Tender Trap have been through a lot of line-up changes since they returned in 2009 after a long absence. The indie pop group, which consisted until then of vocalist and guitarist Amelia Fletcher, bassist Rob Pursey and keyboardist DJ Downfall, expanded at that point to also include Elizabeth Morris (guitars and vocals) and Katrina Dixon (drums and vocals). Elizabeth Morris left shortly after the release of Tender Trap’s2010 album ‘Dansette Dansette’ to concentrate on her other band Allo Darlin’ (who are also the subject of a Pennyblackmusic interview this month), and was replaced by ex-Betty and the Werewolves guitarist and vocalist Emily Bennett.

Before ‘Dansette Dansette’, Tender Trap, who formed in 2001, had also released two previous albums, ‘Film Moleules’ (2002) and ‘6 Billion People’ (2006), all of which have come out on the Fortuna Pop! label.

Fletcher and Pursey, who are partners and have two children together, have been playing in groups with each other since the mid-1980s. They are from Oxford originally, but moved to London in the mid-1990s.

Their first band was the influential and short-lived twee pop act Talulah Gosh which Pursey left early on. Talulah Gosh released six singles between 1986 and 1988, and also a singles collection, ‘Rock Legends: Volume 69’ (53rd and 3rd, 1987) and a posthumous retrospective, ‘Backwash’ (K Records, 1996), which also featured radio and live tracks. They then formed Heavenly, who recorded four albums together, ‘Heavenly vs. Satan’ (Sarah Records, 1991), Le Jardin de Heavenly’ (Sarah Records, 1992), ‘The Decline and Fall of Heavenly’ (Sarah Records, 1994) and ‘Operation Heavenly’ (Wiiija, 1996), before breaking up after the death of their drummer and Amelia’s brother, Matthew Fletcher. Fletcher and Pursey also played in Marine Research, who released one album, ‘Songs from the Gulf Stream’ (K Records, 1999).

In what is our third interview with them, Pennyblackmusic spoke at a Leicester show to Amelia Fletccher, Rob Pursey and also Katrina Dixon about their previous bands and Tender Trap’s next album, ‘Ten Songs About Girls’, which will come out later this year.

PB: The line-up has changed quite a lot over the last few years. DJ Downfall has left, hasn’t he?

AF: He is still here. He now just called John Stanley.

RP: He just stopped calling himself DJ. He likes just to be called John. He still uses that name for his solo stuff, which he still does occasionally.

PB: Elizabeth Morris was in the band for a while when you got back together.

AF: She was. When we started back up again we asked Katrina to do drums. We also put the word out that we wanted a girl that could sing and play guitar, and Elizabeth phoned me up. She had got a message about it and said she would like to do it, and we had no idea then whom she was.

KD: They asked me to play some drums, and I hadn't been in a band for about 10 years. I was previously in a band called Police Cat that was on Domino Records.

PB: And you put something out on Creeping Bent as well, didn’t you?

KD: Yeah, we did stuff for them, then. I was in a band called Sally Skull on Slant Records as well. Then I didn't do anything after 1998 because I was concentrating on doing my day job.

AF: When Elizabeth phoned up she was really enthusiastic and I had never met her. I was actually a bit scared. I remember coming off the phone, saying “I'm not sure about this girl. She's too keen.” Actually she was brilliant and it worked out really well. I had nothing to worry about.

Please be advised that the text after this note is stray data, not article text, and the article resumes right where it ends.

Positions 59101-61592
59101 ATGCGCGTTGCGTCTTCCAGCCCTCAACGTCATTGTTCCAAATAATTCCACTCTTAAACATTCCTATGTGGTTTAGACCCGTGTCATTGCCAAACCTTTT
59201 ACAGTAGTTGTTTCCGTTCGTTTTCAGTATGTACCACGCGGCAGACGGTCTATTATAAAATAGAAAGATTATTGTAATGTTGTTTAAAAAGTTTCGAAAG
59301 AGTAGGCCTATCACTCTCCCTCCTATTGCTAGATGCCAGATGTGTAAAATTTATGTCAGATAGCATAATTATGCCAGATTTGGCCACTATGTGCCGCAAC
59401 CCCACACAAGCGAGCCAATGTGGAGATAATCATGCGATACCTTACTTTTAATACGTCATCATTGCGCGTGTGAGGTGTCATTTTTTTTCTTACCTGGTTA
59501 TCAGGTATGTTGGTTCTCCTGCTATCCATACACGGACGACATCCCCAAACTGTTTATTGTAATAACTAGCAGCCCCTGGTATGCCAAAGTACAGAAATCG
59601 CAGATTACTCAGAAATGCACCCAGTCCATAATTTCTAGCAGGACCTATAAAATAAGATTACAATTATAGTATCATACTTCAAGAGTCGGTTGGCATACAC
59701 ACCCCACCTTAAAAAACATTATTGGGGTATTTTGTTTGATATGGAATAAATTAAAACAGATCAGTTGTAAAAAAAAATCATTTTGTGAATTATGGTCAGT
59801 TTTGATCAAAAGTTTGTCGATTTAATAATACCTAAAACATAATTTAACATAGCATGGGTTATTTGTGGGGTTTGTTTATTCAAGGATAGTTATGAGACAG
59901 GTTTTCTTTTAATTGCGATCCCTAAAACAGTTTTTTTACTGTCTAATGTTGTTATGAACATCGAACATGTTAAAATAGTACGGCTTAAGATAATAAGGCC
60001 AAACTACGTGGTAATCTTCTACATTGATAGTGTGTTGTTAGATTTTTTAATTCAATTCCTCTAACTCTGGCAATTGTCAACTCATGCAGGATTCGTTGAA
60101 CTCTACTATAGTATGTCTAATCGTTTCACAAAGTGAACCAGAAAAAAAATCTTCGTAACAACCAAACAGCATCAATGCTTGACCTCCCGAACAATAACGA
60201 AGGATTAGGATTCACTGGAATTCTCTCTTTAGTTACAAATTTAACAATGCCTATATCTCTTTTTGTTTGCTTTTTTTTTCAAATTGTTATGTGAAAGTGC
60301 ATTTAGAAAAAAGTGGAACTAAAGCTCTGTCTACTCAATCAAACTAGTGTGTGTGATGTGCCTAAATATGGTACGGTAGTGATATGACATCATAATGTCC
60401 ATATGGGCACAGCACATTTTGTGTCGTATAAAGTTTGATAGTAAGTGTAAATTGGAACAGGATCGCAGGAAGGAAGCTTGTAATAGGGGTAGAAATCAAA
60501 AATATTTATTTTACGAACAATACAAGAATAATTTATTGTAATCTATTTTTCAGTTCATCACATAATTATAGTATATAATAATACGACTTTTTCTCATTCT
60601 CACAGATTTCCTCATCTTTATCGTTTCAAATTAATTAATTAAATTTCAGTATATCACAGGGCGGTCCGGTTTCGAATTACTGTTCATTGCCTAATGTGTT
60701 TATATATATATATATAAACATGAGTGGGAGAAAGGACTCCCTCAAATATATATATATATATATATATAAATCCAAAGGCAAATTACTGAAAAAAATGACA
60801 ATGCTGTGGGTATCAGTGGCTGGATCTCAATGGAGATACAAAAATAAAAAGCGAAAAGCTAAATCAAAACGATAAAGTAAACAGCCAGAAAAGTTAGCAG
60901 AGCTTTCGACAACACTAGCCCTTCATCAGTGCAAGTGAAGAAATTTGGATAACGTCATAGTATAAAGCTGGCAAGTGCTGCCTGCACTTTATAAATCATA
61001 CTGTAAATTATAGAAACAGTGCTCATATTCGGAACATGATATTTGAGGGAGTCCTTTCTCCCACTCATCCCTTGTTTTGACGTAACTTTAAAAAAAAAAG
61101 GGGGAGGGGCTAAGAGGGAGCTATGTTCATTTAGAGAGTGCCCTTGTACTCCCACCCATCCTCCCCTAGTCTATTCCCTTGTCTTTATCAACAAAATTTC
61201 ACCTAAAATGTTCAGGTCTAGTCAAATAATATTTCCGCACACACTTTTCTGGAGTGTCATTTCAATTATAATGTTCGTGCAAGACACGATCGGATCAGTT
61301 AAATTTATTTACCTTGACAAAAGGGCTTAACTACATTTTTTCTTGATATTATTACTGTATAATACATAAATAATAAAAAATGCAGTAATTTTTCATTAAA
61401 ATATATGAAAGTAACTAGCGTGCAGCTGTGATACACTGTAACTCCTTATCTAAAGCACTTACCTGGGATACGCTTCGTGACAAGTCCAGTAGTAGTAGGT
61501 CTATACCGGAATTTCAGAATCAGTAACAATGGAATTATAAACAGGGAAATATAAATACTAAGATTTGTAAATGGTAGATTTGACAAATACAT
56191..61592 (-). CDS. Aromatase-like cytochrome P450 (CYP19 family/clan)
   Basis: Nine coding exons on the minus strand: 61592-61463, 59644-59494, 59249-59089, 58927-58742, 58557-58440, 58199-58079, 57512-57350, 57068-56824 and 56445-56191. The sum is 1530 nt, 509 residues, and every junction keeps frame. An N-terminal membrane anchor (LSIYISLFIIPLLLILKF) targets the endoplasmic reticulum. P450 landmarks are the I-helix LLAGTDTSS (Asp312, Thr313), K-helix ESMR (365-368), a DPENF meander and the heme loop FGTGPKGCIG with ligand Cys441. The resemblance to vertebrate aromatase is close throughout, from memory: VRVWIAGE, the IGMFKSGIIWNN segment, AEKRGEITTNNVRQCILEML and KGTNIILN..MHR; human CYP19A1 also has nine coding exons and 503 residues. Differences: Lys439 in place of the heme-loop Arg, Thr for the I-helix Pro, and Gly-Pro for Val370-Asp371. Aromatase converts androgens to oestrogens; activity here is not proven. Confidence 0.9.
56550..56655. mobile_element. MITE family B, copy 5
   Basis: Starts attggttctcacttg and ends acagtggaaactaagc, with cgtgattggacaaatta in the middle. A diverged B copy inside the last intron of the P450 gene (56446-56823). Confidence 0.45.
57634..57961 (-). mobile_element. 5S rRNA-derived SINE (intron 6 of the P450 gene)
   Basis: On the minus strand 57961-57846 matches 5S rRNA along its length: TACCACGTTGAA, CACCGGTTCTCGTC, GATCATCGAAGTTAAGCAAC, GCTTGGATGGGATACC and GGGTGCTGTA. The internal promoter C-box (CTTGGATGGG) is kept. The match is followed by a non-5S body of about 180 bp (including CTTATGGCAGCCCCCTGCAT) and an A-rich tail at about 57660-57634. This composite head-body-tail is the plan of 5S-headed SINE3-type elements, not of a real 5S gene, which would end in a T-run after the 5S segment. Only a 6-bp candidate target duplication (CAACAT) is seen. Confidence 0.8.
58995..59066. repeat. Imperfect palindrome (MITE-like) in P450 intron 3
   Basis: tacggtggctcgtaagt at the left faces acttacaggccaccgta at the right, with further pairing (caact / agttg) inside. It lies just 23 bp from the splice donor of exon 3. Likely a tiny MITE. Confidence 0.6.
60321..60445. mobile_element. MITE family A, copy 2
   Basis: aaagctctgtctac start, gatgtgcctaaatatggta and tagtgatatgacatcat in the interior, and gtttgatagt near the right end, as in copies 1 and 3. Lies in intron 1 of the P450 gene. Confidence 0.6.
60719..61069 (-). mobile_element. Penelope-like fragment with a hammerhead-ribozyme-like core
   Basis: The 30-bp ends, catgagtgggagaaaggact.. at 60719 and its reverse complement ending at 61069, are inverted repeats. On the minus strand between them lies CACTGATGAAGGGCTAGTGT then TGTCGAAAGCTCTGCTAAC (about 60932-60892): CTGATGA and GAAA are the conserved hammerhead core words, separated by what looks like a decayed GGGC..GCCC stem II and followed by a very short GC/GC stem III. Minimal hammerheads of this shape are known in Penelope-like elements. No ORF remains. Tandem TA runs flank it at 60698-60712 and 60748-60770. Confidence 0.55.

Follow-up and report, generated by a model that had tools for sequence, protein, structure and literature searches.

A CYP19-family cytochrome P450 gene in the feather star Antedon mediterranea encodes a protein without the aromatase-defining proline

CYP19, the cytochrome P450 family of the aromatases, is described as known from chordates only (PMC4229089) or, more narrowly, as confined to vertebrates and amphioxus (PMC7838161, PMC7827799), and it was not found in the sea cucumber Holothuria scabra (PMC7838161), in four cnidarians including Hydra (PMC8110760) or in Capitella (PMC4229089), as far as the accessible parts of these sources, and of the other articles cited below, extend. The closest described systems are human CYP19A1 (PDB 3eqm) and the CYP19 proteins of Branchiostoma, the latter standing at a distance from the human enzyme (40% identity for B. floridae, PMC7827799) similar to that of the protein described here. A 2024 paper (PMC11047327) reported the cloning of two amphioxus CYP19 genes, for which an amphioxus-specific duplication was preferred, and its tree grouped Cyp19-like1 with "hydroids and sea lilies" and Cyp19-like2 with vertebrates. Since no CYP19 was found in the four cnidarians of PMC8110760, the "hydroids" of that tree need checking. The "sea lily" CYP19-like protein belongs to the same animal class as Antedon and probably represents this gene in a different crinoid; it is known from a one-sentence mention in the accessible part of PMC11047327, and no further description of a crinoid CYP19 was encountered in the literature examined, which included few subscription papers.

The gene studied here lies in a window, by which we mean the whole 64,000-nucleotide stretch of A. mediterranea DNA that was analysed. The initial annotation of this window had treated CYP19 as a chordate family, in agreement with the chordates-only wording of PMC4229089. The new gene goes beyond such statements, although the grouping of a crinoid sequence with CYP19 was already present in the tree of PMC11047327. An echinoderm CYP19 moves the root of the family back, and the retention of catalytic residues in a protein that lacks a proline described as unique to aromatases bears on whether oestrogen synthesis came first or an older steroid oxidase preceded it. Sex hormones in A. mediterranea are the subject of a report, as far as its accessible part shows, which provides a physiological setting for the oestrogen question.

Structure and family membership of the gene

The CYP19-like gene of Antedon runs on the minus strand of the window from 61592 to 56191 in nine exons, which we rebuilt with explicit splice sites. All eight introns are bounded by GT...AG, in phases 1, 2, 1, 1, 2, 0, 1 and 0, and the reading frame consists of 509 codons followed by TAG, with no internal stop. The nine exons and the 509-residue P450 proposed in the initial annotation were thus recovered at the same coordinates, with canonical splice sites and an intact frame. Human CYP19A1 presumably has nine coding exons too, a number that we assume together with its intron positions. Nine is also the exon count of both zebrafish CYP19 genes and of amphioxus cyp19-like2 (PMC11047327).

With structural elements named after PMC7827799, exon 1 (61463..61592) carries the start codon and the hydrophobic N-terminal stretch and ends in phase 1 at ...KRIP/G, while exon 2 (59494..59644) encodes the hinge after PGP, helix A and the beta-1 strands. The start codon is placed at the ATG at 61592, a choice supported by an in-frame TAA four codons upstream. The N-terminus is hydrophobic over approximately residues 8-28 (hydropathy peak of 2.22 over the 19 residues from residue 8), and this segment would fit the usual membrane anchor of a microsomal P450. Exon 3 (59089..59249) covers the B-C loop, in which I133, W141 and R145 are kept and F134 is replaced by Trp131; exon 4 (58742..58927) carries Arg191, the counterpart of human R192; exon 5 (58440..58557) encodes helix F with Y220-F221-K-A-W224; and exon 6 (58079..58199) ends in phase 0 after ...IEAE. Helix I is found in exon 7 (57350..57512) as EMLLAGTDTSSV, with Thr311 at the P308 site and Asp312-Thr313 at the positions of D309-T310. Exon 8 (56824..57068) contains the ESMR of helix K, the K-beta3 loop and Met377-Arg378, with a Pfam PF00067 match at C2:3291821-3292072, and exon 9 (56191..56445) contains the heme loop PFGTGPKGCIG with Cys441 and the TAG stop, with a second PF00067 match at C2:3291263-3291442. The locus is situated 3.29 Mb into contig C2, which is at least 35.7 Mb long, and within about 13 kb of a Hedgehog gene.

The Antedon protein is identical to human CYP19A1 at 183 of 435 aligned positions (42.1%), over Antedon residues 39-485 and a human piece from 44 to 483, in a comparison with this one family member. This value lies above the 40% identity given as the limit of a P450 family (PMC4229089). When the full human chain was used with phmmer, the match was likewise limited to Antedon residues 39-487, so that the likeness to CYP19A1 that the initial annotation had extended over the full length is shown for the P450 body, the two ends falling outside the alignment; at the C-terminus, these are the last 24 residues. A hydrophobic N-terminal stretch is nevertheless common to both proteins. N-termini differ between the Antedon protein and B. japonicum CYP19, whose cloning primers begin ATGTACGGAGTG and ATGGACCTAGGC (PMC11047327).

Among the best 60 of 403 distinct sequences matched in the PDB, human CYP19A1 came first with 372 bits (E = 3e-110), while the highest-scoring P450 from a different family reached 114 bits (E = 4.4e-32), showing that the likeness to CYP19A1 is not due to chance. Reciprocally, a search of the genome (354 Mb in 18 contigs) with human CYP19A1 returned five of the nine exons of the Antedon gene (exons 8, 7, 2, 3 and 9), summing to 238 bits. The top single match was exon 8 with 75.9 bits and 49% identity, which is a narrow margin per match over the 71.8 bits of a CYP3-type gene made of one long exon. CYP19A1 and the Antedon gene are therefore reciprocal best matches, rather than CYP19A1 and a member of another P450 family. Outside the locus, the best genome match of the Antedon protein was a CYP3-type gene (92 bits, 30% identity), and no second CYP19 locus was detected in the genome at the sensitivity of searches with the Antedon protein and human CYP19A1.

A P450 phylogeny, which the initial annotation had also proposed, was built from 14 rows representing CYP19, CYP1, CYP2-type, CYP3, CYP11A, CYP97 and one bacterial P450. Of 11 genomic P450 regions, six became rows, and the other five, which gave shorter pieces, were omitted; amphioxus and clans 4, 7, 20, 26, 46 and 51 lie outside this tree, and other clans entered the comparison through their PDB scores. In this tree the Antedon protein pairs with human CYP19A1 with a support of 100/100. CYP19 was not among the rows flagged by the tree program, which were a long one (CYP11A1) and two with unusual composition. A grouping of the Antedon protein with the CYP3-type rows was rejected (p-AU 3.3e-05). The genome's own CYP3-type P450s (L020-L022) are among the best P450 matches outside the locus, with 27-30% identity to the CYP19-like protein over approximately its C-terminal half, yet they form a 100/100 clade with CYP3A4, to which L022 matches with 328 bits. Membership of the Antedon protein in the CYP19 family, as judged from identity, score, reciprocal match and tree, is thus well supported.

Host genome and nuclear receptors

The kids last night were asking me, "Are you famous?" They were looking at the 'Do You Have a Boyfriend?' video, and I said, “No”, and they said, “When do you know if you are famous?” I was explaining that Elizabeth is quite famous with Allo Darlin’ now. I said that she has got around 80, 000 hits on YouTube, while we have only got around 15, 000, so she is quite famous now.
RP: With Katrina and Elizabeth, it was the first time that we had backing vocals live. Before we had only had them on record. That has never happened before. Having two vocals was good. It really worked well.

PB: Are you still on Fortuna Pop!?

AF: Yep.

PB: When you were in Heavenly, you were on Sarah Records. You have been on various others labels as well. Do you think there was much difference in the way that they are run or controlled, or basically could you do whatever you wanted and they would just release it?

RP: We have never been told not to put something out. I think the personality of the people at the labels doesn't make the difference. Matt Haynes and Clare Wadd at Sarah were quite sophisticated in what they did.
Sean Price at Fortuna Pop! has again a collection of similar sorts of bands. He has the same sort of project as Sarah. In retrospect, looking back at Sarah there were aspects of tweeness. You think looking at it now what ever happened to punk. It just turned into coffee table stuff.

AF: Sarah had some pretty punky bands though.

RP: It just evolved and became a bit of a money episode.

AF: They said they would do a hundred releases and stop. They never dreamed they ever would, and they did. It was always an art project in a way.

PB: Now with the industry struggling and downloads taking over, do you have to put money towards recording costs or does the label cover it?

AF: We pay for recording now.

PB: Did you have to do that in the past?

AF: No, actually, it has freed us up a lot. It means we own it. We have spent a fair bit on ‘Ten Songs About Girls’, more then we have ever had to spend before, so hopefully it will show because of it.

Actually with the last Heavenly record, ‘Operation Heavenly’, we paid for it as well, just so we could own the recording and licence it to K Records. The Marine Research album, ‘Sounds from the Gulf Stream’, we paid for as well.

RP: People gather around labels and what's good about Fortuna Pop! There is an overlap of taste. There is us, there is Allo Darlin’ and other similar-sounding bands.

PB: You began recording ‘Ten Songs about Girls’ last year and the very next day after the 15th Anniversary show for Fortuna Pop! at the London Scala. How long did it take to record then?

RP: We did it in bits and pieces in the evenings and at the weekend.